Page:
As an editor, when does your job begin on a production, and how does it feel to become another storytelling voice?
It depends on the project, but I’ve worked closely with Dan for a long time on most of his films — but he was showing me rough scenes way before we, or I, started cutting. So I had some input before they brought the film to my office to edit, but most of the time you start editing as you soon as you shoot because it informs what you continue to shoot and the way that you shoot.
As for storytelling, I’m a co-writer on the film with Dan, and it’s funny, but I used to scoff at those credits when there wasn’t a narration in a film. But you know, it’s a nod to someone who is editing people, but making those people say what needs to be said. It’s not like you’re just typing it all up as you go to get the story to appear. Dan and I did end up writing all of this narration for Jason Bateman, but that’s because with this film, it’s an evolution from one idea to the next and how all of these pieces — from the beginning of the film to the end — all of these scenes and topics are all conjoined by the narration and this bizarre character that Bateman plays, who’s actually a little LEGO dude.
Between the origin story of LEGO to its intense success and everything in between, which thread of the story in LEGO were you most excited to pull?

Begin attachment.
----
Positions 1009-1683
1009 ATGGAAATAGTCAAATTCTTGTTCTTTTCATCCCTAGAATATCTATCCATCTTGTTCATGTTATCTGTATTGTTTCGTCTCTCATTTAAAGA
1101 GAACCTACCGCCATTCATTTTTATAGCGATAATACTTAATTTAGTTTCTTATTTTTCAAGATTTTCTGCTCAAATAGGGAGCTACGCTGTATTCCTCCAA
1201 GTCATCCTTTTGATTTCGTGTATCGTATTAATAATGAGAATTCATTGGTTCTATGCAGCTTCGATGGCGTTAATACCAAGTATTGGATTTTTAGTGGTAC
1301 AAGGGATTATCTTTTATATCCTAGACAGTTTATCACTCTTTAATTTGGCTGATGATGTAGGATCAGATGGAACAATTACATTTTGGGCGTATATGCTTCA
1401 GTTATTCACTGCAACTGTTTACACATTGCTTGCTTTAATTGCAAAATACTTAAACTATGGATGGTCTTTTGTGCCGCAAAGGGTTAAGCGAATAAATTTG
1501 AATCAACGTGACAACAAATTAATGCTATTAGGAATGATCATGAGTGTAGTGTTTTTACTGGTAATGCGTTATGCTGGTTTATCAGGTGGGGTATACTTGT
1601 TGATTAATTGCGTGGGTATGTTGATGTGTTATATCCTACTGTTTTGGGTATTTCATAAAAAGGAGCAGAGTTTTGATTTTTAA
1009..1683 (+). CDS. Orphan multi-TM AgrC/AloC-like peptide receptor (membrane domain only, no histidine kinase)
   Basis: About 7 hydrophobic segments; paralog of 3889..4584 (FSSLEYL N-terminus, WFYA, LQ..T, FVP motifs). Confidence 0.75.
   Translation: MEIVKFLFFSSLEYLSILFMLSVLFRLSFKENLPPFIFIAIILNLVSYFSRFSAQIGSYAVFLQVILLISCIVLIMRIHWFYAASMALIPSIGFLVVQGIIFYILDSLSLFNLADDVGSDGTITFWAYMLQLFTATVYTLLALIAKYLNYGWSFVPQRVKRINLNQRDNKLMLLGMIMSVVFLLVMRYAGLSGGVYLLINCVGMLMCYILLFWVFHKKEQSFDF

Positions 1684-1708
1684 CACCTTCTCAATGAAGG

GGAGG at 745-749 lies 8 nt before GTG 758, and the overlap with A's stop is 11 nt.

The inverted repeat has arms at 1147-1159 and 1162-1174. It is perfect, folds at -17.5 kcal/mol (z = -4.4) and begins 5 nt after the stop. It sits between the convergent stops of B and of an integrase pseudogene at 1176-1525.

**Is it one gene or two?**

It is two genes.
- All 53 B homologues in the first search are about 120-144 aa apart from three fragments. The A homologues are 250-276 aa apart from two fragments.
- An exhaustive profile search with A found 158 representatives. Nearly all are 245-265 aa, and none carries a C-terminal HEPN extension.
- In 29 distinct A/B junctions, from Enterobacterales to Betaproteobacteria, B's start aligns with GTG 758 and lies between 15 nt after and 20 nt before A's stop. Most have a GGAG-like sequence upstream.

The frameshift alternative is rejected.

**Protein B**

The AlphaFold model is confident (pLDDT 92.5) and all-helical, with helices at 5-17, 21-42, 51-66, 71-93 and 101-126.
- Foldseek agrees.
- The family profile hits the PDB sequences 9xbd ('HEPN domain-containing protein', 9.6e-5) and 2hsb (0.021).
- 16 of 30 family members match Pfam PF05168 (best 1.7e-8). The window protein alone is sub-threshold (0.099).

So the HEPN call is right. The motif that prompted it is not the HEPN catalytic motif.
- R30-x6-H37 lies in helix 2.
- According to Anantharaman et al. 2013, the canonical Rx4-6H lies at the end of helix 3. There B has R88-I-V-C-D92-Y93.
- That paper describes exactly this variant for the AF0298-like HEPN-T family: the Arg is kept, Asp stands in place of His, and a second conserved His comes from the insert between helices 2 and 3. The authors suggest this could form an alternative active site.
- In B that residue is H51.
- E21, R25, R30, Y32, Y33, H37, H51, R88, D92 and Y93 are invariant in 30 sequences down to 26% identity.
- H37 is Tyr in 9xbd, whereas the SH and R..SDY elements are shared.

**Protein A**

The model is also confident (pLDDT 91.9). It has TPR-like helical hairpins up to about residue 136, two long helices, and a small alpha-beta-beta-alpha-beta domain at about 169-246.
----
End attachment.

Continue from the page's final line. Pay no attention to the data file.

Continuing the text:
There are so many different interesting worlds and subcultures that we discovered along the way, but learning that this toy is used at MIT to discuss urban planning, for sunlight distribution among high-rises and traffic-flow patterns; that architecture firms use it to build models and practice using prefabrication techniques; and then they use LEGO in a jet-propulsion laboratory to figure out how to fit satellite parts into a small package to send to outer space. Because of how amazing of a system this toy is, there are so many endless amounts of uses for it, and it’s not just for kids; in fact, there are very few kids in this movie. I knew I was going to start working on a film about LEGO, but I didn’t think that there would be so few children involved!